Mirrored Disco Ball Halloween Costume

Intro: Mirrored Disco Ball Halloween Costume

Want to be the Discobelle of the Ball? This mirrored creation will be a crowd favorite!

Create a mobile party that will keep people dancing around you all night!

(Photo courtesy of Joshua Targownik)

Step 1: Materials

Materials for disco ball:
mirrored material (3 2x2 sheets)
2 24" plastic domes
velcro (heavy duty)
2 2" wide silver belts
silver tape

Tools:
Utility knife (with plenty of extra blades)
Scissors
Hot glue gun
Dremel cutting tool
mirror cutting tool
Gloves

Outfit:
Sequined top
Sequined hotpants
Sparkly tights
Silver gloves
Silver shoes

Accessories:
Silver wig
Battery operated lights
ipod shuffle with speakers



Step 2: Cut Domes and Velcro Together

I decided my best option for the disco ball form would be using acrylic domes, available at many plastic supply stores. Although expensive, ($180!) and not perfectly round when seen from the side angle, they are very strong even when cut and still have flexibility. Also, I needed a solid way to attach the domes together, and get in and out of my costume, so the dome "lip" came in handy.

Using a dremel tool, (with help from my friend Dave) I cut out each dome's top and bottom to fit around my body. This step was made easier by taking rough measurements of my bust and bottom using wire shaped around my form and then sketching it on the domes.

I used industrial strength velcro (available at Home Depot) to attach the sides of the domes together. It makes an amazingly strong bond! After lining both edges I also made a velcro "hinge" on the interior of one side to make it easier to put on and take off.

I celebrated getting this far by dancing around doing the robot.

Step 3: Attach Straps and Pad/cover Edges

After velcro-ing the domes together, I needed a way to wear the costume that would support the weight of the mirrors (and it got heavy, fast!)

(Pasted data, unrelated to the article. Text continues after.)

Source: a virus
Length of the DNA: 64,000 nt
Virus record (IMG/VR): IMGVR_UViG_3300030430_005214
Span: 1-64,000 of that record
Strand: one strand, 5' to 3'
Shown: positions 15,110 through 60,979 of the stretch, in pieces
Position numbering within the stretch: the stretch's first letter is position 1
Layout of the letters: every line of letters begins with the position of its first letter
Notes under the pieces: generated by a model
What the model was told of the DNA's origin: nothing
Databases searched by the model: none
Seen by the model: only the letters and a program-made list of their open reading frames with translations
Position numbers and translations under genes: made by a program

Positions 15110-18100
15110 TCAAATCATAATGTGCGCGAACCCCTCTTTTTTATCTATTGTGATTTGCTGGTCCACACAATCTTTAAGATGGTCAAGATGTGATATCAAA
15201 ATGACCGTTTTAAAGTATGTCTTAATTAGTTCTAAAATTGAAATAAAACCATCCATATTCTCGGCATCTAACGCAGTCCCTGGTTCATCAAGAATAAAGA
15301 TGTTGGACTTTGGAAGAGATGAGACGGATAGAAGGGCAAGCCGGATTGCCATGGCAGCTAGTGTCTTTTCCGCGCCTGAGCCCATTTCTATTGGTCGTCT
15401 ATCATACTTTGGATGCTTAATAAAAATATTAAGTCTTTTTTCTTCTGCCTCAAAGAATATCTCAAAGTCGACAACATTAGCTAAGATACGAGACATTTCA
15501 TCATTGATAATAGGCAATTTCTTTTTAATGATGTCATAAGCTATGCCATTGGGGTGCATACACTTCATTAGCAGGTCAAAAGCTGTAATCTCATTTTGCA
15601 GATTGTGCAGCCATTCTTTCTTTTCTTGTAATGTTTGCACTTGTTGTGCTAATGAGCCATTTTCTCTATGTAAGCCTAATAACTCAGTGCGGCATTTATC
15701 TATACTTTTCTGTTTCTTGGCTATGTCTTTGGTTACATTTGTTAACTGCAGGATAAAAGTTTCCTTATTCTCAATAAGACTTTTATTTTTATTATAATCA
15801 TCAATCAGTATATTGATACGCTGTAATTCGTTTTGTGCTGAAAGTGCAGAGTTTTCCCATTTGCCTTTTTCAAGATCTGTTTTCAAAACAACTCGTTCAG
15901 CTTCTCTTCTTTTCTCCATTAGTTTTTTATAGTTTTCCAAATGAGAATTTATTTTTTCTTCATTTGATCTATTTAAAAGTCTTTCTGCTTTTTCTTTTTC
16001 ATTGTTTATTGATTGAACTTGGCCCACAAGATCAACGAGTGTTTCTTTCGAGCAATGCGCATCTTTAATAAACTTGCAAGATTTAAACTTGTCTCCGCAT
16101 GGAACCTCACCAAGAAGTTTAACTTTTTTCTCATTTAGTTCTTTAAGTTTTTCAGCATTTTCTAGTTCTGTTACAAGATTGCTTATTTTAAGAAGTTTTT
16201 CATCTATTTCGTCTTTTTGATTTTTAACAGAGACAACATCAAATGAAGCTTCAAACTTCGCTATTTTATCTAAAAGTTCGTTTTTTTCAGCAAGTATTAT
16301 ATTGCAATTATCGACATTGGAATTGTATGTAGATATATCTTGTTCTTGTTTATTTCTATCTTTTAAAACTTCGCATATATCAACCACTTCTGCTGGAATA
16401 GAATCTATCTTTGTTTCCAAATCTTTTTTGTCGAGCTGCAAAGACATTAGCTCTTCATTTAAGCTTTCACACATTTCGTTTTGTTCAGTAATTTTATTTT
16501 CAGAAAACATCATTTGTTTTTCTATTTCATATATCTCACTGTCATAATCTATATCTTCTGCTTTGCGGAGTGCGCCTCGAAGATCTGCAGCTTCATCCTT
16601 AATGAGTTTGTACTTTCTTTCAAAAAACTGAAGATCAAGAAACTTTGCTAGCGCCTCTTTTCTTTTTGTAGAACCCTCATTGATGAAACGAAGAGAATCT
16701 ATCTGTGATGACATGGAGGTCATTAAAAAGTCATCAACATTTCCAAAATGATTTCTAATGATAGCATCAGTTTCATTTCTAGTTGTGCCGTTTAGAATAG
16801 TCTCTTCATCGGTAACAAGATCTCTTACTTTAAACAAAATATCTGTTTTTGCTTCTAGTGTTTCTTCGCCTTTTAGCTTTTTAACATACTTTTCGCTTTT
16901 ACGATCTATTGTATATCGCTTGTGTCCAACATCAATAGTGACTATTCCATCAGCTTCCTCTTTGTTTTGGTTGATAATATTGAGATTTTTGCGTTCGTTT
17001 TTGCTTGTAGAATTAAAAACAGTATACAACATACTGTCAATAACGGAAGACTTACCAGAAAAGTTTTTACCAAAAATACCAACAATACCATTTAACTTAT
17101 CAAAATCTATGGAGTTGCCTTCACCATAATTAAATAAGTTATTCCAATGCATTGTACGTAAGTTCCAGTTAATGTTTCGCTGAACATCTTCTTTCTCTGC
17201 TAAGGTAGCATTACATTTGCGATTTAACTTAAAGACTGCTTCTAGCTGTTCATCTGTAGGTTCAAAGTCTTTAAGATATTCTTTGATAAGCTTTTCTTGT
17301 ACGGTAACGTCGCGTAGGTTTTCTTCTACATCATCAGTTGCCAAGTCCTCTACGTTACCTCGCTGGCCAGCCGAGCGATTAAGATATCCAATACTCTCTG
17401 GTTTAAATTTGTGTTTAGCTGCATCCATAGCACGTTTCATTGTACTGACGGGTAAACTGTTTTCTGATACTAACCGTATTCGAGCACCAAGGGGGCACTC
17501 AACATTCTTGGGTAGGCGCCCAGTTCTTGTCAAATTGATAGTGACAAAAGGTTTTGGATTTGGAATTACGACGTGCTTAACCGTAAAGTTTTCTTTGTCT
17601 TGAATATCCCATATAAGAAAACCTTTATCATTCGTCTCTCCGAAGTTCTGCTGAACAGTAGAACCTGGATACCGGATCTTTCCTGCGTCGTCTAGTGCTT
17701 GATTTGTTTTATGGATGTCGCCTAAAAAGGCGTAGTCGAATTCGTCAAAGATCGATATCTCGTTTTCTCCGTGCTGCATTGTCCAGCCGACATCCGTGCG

I cut two silver belts (orienting the buckles on my shoulders, easily accessible) and hot glued them to the interior of the domes. Later, I reinforced the straps with gaff tape to help hold up against the weight of the mirrors.

I covered the sharp cut edges of the domes with foam tape to pad them. Then I covered all edges with silver tape, to disguise where the mirrors ended.



Step 4: Cut and Glue Mirrors

These mirrors come in various sizes (I used 1/2" mirrors) on a fabric backing that is about 2'x2'. I picked mine up at the Kit Kraft hobby store for about $60 each.

To cut strips from the grid of mirrors, I used GLOVES and a sharp utility knife, running the blade between a row to cut the fabric backing. The blade dulls quickly, change often. Keep in mind, mirror edges are SHARP!

Laying the first row of mirrors was the most difficult. I started on the "equator" of each dome. My first try was not level, but luckily the hot glue pulled off cleanly when I decided to try again. This time I also used a laser level to make sure it was a good starting point. Then I started gluing strips of the mirrors up from the equator, offsetting each row in a brick pattern. I cut mirror tiles in half (scoring them with a cutter) to fill in the rows all the way to each edge.

Hot gluing the rows one by one was a time consuming process... but I got both domes covered in a couple nights. I finished off each edge with a row of mirrors as well.

Finished, the ball weighed in about 20+ lbs! A workout wearing that around all night for sure.

Step 5: Choosing the Outfit

I wanted to sparkle and shine head to toe... so I set out to find a great outfit. Something fun and cute that I could wear even if I took the ball off for a bit.

Tinsel wig $15
Sequined top $25
Sequined hot pants $30
Tights $10
Gloves: $12
Shoes $5

The shoes were a goodwill purchase. I had some mirrors left over, so I went ahead and mirrored them too!

Step 6: Getting Into (and Out Of) the Costume

You might think the ball was cumbersome, weighing in at 20 pounds... well it was, but I designed it with practical needs in mind... (like going to the bathroom!) and wanted to be able to get in and out by myself. Crack it open, put one arm through, push velcro together and buckle up!


Step 7: Accessories

Music!!!
I bought mini speakers for my ipod shuffle, which I loaded with disco favorite hits. The speakers weren't very loud, but loud enough for a mobile party. I used velcro strap to attach it to one of my belts.